(Nanowerk News) In a new analysis based on recent telescope data, University of Florida astronomers have found that a third of planets around the galaxy’s most common stars may be in goldilocks orbits that are close enough, and gentle enough, to hold liquid water. – and possibly save life.
The remaining two-thirds of the planets around this small, ubiquitous star were likely roasted by gravitational tides, sterilizing them.
UF astronomy professor Sarah Ballard and doctoral student Sheila Sagear published their findings in Proceedings of the National Academy of Sciences (“Orbital eccentricity distribution of planets orbiting M dwarfs”). Ballard and Sagear have long studied exoplanets, worlds orbiting stars other than the sun.
“I think these results are very important for the next decade of exoplanet research, as eyes turn to this stellar population,” said Sagear. “These stars are excellent targets for searching for small planets in orbits where liquid water is possible and therefore possibly habitable.”
Our familiar and warm yellow sun is relatively rare in the Milky Way. By far, the most common stars are much smaller and cooler, with only half the mass of our sun at most. Billions of planets orbit this common dwarf star in our galaxy.
Scientists think that water in liquid form is necessary for life to evolve on other planets, as it did on Earth. Because these dwarf stars are cooler, any planet would have to be crowded very close to its star to get warm enough to accommodate liquid water. However, this close orbit makes the planet vulnerable to extreme tidal forces caused by the star’s gravitational effect on the planet.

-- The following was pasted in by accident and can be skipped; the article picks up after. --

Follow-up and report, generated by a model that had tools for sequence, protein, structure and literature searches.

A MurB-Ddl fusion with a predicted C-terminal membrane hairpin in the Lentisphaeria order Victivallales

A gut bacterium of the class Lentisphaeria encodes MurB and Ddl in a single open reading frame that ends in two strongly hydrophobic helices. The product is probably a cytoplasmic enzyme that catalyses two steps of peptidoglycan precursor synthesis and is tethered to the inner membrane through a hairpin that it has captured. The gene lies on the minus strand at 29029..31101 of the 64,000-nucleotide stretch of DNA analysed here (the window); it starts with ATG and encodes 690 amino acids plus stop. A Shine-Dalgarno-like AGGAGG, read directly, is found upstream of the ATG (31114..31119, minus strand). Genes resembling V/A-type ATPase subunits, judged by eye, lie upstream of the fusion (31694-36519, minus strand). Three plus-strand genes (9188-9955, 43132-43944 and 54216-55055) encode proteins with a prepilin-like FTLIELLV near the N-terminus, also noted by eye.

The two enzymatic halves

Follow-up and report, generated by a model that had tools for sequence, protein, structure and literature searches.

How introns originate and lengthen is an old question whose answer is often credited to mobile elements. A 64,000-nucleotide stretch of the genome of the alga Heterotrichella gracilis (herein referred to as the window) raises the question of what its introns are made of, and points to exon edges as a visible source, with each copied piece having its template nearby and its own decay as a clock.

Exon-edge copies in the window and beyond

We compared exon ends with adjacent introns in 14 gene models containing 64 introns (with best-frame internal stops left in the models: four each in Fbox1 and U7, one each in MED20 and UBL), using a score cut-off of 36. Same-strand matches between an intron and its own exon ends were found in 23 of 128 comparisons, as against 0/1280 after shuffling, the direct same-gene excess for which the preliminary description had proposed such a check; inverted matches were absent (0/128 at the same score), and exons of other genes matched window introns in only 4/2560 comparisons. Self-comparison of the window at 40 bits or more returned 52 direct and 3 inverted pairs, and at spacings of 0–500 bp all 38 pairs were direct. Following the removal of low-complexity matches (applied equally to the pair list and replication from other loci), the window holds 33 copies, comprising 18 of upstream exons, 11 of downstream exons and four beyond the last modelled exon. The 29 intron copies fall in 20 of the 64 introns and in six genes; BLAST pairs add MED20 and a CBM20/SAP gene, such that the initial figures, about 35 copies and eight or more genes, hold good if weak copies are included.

Sagear and Ballard measured the eccentricity — how oval the orbits are — from a sample of more than 150 planets around this dwarf star, which is about the size of Jupiter. If a planet orbits close enough to its star, about the distance Mercury orbits the sun, its eccentric orbit can cause it to undergo a process known as tidal heating. As the planet stretches and deforms by changing gravitational forces in its irregular orbit, friction heats it up. Ultimately, this could roast the planet, eliminating all possibility of liquid water.
“Only for small stars is the habitability zone close enough for these tidal forces to be relevant,” Ballard said.
The data comes from NASA’s Kepler telescope, which captures information about exoplanets as they move in front of their host stars. To measure planetary orbits, Ballard and Sagear focused mainly on how long it takes for planets to move across the star’s surface. Their study also relied on new data from the Gaia telescope, which measures the distances to billions of stars in the galaxy.
“Distance is really an important piece of information that we missed before that allows us to do this analysis now,” said Sagear.
Sagear and Ballard found that stars with lots of planets are the most likely to have the kind of circular orbits that allow them to hold water in liquid form. Stars with only one planet are the most likely to see extreme tides that would sterilize their surface.
Since a third of the planets in this small sample have orbits soft enough to accommodate liquid water, it is likely that the Milky Way has hundreds of millions of promising targets for investigating signs of life outside our solar system.